Jayne Kelly has entered a small but beautifully-formed and detailed Seahorse Cuff, made in sterling silver. It’s readily adjustable to fit the wrist of the wearer.

In this show, textiles come in many forms. Dr Deborah Briggs was a prize-winner with her woven wall hanging, Fair Isle Sunset, which uses very fine metallic sewing thread for the warp and lace weight one and two for the weft. She compares the design with Fair Isle knitting, in that it uses two colours in one row of the structure. The colours echo the hues and shades of Shetland’s wild flowers and the sea.

Two more wall hangings, by Sue Horne (a sunset) and Jane Baker, take inspiration from Shetland landscapes.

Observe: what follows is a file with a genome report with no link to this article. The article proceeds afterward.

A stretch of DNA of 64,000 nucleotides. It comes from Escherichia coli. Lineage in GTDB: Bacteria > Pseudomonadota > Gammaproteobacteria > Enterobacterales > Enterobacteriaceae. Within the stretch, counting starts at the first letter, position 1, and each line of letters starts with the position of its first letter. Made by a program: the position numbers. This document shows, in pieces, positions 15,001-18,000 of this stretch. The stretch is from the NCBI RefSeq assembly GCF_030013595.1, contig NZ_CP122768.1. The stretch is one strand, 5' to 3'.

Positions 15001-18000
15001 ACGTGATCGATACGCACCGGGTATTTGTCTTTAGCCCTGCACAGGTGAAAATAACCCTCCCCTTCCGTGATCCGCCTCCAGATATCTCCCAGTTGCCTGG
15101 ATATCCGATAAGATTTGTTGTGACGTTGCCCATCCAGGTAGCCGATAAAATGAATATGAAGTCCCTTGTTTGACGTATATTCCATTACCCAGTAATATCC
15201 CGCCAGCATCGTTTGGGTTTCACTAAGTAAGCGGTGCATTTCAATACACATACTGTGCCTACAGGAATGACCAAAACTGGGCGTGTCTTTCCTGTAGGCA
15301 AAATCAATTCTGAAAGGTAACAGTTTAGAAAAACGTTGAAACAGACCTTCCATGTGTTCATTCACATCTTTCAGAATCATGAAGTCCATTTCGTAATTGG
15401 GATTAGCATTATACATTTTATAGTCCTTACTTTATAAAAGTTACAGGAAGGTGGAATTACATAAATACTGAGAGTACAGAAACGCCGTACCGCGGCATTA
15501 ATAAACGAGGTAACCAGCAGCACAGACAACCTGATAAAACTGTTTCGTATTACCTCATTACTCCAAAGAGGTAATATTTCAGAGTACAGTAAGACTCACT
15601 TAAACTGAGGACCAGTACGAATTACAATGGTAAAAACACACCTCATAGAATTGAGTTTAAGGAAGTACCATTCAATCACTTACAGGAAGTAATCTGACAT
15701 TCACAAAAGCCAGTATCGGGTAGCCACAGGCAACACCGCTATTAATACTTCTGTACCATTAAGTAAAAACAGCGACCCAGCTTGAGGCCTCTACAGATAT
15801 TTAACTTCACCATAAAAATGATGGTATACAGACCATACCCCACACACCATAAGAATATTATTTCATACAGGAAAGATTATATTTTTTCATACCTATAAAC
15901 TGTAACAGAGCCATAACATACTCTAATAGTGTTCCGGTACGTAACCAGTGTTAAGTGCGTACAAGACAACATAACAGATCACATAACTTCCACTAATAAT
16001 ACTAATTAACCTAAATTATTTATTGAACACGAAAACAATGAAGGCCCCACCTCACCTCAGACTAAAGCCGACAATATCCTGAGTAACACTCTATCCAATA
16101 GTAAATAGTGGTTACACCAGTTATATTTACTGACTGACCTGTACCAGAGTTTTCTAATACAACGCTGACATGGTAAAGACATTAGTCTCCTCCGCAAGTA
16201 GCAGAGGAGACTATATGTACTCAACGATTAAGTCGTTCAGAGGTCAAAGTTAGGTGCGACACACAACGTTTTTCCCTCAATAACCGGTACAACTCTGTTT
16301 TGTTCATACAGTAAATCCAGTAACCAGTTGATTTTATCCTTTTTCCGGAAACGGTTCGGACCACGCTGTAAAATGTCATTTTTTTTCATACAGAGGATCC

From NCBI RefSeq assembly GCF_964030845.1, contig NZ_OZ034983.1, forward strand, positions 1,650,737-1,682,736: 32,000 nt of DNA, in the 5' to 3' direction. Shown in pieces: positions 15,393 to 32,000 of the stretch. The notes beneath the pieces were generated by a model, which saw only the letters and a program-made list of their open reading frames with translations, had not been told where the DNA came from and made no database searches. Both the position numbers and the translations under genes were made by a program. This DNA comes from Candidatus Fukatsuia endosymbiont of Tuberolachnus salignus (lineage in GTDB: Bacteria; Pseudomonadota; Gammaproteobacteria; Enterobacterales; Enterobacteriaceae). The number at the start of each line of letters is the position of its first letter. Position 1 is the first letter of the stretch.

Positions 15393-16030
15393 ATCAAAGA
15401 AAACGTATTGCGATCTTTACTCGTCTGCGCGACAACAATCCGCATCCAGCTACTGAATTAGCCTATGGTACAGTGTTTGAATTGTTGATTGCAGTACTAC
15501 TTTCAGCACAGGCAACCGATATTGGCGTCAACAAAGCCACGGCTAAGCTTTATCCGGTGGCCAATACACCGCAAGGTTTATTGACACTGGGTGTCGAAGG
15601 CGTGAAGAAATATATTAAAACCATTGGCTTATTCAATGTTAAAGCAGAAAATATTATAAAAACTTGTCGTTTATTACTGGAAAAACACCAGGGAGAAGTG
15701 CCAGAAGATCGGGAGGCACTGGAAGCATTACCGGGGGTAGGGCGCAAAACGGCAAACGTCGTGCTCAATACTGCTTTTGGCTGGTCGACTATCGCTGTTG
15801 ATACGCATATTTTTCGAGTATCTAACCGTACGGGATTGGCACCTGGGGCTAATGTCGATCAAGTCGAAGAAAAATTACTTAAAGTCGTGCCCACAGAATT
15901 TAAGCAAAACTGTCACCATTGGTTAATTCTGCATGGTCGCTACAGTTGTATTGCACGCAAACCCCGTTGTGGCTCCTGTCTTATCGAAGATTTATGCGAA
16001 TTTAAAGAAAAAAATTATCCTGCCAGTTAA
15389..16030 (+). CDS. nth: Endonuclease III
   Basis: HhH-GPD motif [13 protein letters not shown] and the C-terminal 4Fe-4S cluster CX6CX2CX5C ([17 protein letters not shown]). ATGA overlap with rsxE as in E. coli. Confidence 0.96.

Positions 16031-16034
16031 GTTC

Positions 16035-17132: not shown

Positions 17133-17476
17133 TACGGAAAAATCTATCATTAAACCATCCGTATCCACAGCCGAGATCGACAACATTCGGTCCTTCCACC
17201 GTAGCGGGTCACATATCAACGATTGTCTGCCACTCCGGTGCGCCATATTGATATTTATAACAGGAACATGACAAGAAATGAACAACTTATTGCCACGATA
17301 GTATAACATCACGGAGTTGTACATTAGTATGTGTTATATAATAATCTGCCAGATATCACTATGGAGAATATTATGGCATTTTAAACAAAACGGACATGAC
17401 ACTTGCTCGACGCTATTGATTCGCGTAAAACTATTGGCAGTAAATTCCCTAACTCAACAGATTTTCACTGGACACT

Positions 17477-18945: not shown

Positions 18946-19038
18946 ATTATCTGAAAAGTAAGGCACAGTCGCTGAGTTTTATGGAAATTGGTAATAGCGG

On a rather larger scale, Rosalynd Mair has created A Story Through Stitch using Shetland wool, 2 ply and gold synthetic yarn. It was knitted by machine and hand, with giant knit on arms and poles, and there are small crochet details, too. It tells the story of three generations of women makers.

Barbara Dinnage’s Little Yellow Book is a tapestry that forms part of a submission she will be making next year for the Spinners Weavers Dyers Certificate of Achievement.

Julie Irvine’s piece, Mirrie Muzzle, is needlefelt using 100% wool and Julia Nairn’s piece, Symbister, is made with woven, mixed yarn.

Marcia Galvin won a prize for Urban Lines, two scarves with designs inspired by the lines found in an urban landscape.

With an eye to winter, Tomas Toth’s Kulo v Hrnci, a ski mask with hat, is made from 100% Shetland wool.

Nielanell Kalra is well known for her innovative techniques and this show includes her Haar Blanket, made from silk, merino, cotton and Shetland yarns.